Thing is, we covered up for bad action sequences with slo-mo, and it's best if we stick to plain talking. What's got lots of talking...R+GaD came up, inevitably. We can do forests, and I know how to make a biplane. Unfortunately, we got into a mire when casting. Friend 3 suggested herself and Friend 4 for the title roles, which I agree would be good. The only problem is, I can imagine them cast both ways around which hurts my head! I think I was going to be Hamlet - I've always wanted a second stab at it - or the Player, because he and I have the same views on sticking to "the story" without mercy, whatever the consiquences.

And then I had a short conversation with myself about how fun it'd be to do Reservoir Dogs - one location, lots of talking etc - and even got down to casting. This was highly enlightening, and very very funny but as no one who's reading this both seen the film and knows my friends, there's really no point in repeating it. And besides, the swearing would be a problem. Still, I think redoing it with an all-female cast is an innovative idea.

I've got about seven original scripts, but I'm not willing to show them to anyone.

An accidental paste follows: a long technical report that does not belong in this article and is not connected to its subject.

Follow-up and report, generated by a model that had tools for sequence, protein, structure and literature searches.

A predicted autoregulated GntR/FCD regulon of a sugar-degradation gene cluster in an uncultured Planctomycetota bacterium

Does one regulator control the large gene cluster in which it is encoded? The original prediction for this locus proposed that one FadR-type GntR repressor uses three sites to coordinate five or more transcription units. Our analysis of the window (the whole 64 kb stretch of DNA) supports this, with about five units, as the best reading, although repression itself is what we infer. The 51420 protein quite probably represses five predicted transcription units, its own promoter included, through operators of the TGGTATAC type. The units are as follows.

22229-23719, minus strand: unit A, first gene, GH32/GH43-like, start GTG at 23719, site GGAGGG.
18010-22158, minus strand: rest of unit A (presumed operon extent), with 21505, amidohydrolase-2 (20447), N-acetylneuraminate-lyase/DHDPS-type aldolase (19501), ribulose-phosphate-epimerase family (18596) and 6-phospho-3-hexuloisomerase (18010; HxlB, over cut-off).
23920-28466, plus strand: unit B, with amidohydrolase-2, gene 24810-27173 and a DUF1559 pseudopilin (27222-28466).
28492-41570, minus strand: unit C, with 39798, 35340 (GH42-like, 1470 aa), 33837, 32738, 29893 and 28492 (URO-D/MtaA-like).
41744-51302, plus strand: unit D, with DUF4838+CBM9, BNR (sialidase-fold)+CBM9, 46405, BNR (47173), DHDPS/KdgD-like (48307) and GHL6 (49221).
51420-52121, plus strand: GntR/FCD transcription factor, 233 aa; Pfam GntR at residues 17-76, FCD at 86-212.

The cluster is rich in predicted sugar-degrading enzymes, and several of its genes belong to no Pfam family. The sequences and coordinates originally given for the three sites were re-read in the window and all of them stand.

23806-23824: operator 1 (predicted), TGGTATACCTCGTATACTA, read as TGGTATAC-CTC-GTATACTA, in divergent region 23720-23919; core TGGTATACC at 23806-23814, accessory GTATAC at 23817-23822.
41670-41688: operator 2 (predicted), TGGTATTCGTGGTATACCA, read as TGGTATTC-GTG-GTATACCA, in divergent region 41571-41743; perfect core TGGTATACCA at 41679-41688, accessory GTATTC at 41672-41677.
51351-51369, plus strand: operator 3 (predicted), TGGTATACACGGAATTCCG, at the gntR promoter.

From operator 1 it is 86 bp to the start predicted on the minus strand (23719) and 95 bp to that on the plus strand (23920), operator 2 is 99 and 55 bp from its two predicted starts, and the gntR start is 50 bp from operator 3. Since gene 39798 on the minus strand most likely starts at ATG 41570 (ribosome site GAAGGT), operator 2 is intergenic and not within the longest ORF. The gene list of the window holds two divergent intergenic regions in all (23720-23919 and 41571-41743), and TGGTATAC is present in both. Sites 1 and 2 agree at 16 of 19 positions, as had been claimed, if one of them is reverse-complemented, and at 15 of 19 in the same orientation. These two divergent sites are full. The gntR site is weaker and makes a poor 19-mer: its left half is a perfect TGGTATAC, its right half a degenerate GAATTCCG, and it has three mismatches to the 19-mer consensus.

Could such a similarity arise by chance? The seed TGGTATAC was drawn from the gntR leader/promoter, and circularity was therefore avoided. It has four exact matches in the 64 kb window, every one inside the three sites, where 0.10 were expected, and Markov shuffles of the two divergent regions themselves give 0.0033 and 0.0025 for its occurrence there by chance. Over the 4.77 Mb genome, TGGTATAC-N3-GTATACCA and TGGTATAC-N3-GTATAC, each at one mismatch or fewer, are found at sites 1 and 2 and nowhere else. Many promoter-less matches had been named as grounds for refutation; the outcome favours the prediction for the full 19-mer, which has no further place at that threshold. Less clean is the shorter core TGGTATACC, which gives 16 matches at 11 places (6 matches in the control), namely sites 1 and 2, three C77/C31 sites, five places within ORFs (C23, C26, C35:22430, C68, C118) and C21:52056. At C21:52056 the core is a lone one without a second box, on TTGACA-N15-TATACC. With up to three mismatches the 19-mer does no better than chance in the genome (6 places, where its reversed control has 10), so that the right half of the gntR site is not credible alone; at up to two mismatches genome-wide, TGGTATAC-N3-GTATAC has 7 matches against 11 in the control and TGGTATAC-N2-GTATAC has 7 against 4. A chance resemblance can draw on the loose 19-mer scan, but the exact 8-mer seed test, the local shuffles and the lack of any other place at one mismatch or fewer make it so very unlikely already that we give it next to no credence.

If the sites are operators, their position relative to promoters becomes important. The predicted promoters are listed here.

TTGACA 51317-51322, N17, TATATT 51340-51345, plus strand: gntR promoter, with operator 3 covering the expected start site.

Roundabout back to where we started - The Hobbit? (too many trolls, spiders and dragons, and hopefully upcoming competition from Hollywood) The Silmarillion? (Specifically, the tale of the fall of Gondolin - no balrogs, and while we scraped Fellowship, we're nowhere near noble enough for First Age heroes.) Two Towers? TWO TOWERS!!!!!! Do you know it took us near on half an hour to realise this was the simplest way to reuse the same sorts of locations and costumes? Duh...

PS - last night, I saw Walk The Line. Perhaps I wasn't in the mood, but I didn't enjoy as much as I wanted to. The main attraction for me was a) it's got Joaquin Phoenix in it and b) it's about Johnny Cash. I'm quite a fan - I couldn't name you his mother or his albums in chronological order etc, but I do own four albums I' m larger than your average clique of people who wear Che Guevara t-shirts and have Jim Morrison posters on their wall, just because they're hip. Understand? Anyway, the film reminded me very much of Brokeback Mountain. The colour scheme, the background music, the tone and pacing were all very similar, as was bits of plot - especially his arguments with his wife, the troubled Thanksgiving dinner and sneaking off to go "fishing" with June. Only they really were was quite good in places, but I didn't really
enjoy it. I know Johnny Cash had a pretty awful life in places, but it felt like it should have been...a bit more fun. You should have been able to feel what the girls in the audience were screaming for. A bit sedate and family-drama-y for me. As for the acting, Mr Phoenix did a good job - especially in the latter stages - as did Oscar-winning Ms Witherspoon - and may I congratulate their singing. OK, not a patch on the original, but a jolly good job nontheless.